Where Pro-Rail and Anti-Rail Voices Agree
by Dr Kelii Akina, PhD, Grassroot Institute
Sometimes it feels like the Honolulu Rail is destined to be a continual topic of controversy. But that doesn't have to be the case. In fact, there's one thing that could bring together the most fervent pro- and anti-Rail advocates ... and it's something we should have done a long time ago.
When the legislature adjourned without coming to an agreement on a plan to fund the Rail, feelings were running so high that some called for a "cooling off" period. A last minute attempt to tax tourists to raise money for Rail brought bad feeling, sniping in the press, and the same complaints that surface every time the tax-to-fund issue comes up.
HART and local politicians are under pressure to come up with a funding plan before the federal government's July deadline so they can get the promised $1.5 billion for the project from the FTA. But it's easy to see why legislators hesitated to pass a tax hike or extend the existing surcharge.
Supporters of Rail say we've come too far, that the project needs to be completed, and that it will ultimately be good for the city. They point out that it will cost $3 billion to shut down the project and that the public wants to see it finished.
Opponents say that whatever the cost of shutting it down, it's still cheaper than throwing more money at Rail. They doubt the project will ever be able to pay for itself, and say it's destined to become an endless financial sinkhole. They look at a project that was originally said to cost $3 billion ... then $5 billion ... then $8 billion ... and is now slated at $10 billion-plus and ask when the spending will end.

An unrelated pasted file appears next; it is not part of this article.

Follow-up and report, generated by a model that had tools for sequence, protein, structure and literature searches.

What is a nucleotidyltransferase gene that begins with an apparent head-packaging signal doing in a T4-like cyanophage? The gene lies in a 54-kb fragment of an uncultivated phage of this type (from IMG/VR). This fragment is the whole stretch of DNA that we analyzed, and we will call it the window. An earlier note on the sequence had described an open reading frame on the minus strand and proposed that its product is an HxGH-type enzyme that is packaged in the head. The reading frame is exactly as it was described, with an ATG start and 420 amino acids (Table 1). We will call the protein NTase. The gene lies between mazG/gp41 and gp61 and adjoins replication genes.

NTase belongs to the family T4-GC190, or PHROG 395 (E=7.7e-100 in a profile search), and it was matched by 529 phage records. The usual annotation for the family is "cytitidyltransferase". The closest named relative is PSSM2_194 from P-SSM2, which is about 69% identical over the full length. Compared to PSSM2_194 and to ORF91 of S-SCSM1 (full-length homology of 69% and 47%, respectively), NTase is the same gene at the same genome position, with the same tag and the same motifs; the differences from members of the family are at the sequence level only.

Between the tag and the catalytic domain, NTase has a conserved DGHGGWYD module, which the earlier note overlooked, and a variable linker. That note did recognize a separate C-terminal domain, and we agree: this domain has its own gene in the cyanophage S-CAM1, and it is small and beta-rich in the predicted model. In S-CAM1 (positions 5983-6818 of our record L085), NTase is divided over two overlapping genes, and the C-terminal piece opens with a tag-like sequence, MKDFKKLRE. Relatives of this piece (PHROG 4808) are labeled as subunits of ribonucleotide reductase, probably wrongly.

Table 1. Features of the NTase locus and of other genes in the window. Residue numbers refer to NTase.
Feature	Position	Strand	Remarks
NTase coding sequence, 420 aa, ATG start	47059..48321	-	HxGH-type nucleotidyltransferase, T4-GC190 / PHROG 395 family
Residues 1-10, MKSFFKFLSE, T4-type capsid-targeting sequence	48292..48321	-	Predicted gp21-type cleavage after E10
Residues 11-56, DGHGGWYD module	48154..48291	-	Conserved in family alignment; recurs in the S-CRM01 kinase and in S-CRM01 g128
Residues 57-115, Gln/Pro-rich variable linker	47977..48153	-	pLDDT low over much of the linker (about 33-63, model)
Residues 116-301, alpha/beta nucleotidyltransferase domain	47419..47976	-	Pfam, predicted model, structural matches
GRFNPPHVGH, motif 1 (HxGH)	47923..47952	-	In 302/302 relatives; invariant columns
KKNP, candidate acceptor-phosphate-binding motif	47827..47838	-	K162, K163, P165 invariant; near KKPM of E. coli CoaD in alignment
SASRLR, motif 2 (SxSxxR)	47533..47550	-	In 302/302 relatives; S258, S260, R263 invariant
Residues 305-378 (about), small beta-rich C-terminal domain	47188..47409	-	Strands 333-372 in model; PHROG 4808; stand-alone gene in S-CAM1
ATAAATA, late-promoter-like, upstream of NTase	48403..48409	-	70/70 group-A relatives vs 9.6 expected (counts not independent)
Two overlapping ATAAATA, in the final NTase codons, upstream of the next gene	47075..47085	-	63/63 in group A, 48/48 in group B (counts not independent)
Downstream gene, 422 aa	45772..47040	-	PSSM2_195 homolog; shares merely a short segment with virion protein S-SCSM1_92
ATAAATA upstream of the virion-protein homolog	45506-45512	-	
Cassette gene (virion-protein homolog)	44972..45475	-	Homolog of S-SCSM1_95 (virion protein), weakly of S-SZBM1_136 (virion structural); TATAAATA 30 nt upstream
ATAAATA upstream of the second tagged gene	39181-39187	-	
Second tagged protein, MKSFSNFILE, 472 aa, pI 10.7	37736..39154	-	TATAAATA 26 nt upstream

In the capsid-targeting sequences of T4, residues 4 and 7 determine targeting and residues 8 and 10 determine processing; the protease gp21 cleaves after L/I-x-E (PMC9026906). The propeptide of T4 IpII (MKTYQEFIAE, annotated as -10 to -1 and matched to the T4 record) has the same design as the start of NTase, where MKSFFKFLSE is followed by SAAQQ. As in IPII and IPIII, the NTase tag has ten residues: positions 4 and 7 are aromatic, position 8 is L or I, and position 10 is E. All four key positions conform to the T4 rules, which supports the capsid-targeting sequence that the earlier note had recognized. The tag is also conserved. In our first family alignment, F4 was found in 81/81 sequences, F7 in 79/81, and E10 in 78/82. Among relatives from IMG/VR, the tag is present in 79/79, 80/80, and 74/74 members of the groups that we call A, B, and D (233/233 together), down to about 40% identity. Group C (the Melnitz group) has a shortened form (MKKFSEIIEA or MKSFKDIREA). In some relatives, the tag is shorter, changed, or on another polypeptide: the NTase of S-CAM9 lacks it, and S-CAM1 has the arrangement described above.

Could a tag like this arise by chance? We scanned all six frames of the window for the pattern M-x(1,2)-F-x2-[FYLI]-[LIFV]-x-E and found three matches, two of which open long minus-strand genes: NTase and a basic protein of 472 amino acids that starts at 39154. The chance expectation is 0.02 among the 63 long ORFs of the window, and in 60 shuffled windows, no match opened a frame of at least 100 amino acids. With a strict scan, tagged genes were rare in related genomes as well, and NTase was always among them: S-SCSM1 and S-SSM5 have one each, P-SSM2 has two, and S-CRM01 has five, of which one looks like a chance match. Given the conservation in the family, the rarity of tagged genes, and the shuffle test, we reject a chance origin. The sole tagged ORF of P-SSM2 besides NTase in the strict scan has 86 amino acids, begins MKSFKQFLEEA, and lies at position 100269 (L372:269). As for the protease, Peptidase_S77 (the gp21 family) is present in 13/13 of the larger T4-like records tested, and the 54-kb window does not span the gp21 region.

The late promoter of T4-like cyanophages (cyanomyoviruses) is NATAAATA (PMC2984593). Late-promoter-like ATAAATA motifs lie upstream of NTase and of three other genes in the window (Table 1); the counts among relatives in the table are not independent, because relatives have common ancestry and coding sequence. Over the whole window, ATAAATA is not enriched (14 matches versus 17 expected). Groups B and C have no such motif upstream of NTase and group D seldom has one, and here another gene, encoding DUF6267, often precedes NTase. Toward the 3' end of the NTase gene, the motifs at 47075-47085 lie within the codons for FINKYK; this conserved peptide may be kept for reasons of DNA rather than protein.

But there's one thing both sides should be calling for: a full audit of HART.
No matter where you stand on Rail, you can agree that the public deserves an honest accounting of the money spent so far ... as well as a realistic assessment of the costs ahead. We're overdue for a non-political, unbiased, fully transparent look at the Rail, its operating costs, the price of shutting it down, and its potential.
How can we begin to make good decisions about the project when we don't have the numbers we need?
Pro-Rail advocates might think an audit is just a way to delay things. Anti-Rail people may call it pointless. But both should realize that transparency and accountability in Rail can only bolster their position.
People are tired of hearing promises and baseless predictions about Rail -- both the pie-in-the-sky and the gloomy ones alike. An audit is exactly what we need to restore trust and have a sound, reasoned argument about our next steps.
Regardless of where you stand on the project, you must agree that it's time to audit the Rail.